Record Series - 154     



The Bolton Priory Compotus 1286-1325. Together with a Priory Account Roll for 1377-78

Ian Kershaw and David M. Smith (2000)

The Bolton Priory Compotus is a unique document – a thousand-page book of accounts of an Augustinian Priory in the Yorkshire Dales, offering extraordinary insight into the material side of monastic life in the late thirteenth and early fourteenth century. This edition now makes fully available to medieval scholarship for the first time the wide-ranging accounts of the Priory over a consecutive forty-year span from 1286 to 1325 [in Latin].

In addition, a recently discovered later account illustrates the major changes introduced into the running of the Priory’s estates in the mid-fourteenth century.

Most knowledge of medieval monastic economy in England is drawn from the estates of large and wealthy Benedictine establishments in the midlands and south. Bolton Priory, by contrast, was modest in size, poorly endowed, located in an unyielding farming region, and faced with daunting financial problems. The accounts of the Priory provide remarkably comprehensive and rich details of all aspects of its affairs. The Priory’s dealings with Italian wool-merchants (to whom it owed heavy debts), the build-up of its estate, the running of its granges, the patterns of household food consumption, and the devastating impact of agricultural crisis compounded by damage inflicted by marauding Scottish raiders, are all fully documented.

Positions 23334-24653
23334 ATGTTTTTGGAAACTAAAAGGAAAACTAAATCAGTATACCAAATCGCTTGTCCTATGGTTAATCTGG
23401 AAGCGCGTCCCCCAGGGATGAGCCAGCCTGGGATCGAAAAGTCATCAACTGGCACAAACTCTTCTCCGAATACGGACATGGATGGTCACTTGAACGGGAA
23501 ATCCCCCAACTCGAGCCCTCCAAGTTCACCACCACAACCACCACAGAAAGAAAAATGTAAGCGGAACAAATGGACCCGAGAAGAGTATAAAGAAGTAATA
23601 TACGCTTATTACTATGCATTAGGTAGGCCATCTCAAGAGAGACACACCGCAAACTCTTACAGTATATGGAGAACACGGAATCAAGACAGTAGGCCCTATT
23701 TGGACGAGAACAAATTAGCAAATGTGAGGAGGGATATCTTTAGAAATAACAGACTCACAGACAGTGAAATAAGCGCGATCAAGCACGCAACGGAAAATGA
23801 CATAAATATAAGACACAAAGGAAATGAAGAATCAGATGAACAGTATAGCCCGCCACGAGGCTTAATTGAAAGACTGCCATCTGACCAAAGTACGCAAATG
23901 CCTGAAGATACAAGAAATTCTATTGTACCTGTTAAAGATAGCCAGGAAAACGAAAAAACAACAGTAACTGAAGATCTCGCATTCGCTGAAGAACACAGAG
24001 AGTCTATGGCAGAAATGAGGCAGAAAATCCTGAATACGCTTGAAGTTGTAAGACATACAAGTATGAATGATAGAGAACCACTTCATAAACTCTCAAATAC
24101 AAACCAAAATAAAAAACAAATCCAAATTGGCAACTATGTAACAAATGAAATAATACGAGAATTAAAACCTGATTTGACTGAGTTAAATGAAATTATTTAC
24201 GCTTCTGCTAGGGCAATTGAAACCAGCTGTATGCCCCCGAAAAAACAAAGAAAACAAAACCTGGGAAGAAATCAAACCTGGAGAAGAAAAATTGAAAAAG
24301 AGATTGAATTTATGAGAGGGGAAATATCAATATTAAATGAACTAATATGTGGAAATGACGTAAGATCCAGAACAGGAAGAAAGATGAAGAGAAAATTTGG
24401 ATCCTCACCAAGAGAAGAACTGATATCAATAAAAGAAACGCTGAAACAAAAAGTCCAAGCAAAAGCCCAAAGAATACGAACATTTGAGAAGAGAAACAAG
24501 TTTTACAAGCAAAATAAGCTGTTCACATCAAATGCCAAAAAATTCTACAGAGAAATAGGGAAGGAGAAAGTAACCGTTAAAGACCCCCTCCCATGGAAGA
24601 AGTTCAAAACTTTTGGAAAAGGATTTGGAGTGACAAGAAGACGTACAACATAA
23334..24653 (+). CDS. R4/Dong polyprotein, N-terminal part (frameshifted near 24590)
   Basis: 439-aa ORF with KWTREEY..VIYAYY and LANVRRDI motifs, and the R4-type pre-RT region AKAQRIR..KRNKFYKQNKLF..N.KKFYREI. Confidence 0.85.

The Bolton Priory Compotus is a striking and significant addition to existing documentation on medieval monasticism in England.

Ian Kershaw is Professor of History at the University of Sheffield; David M. Smith is director of the Borthwick Institute of Historical Research, University of York.

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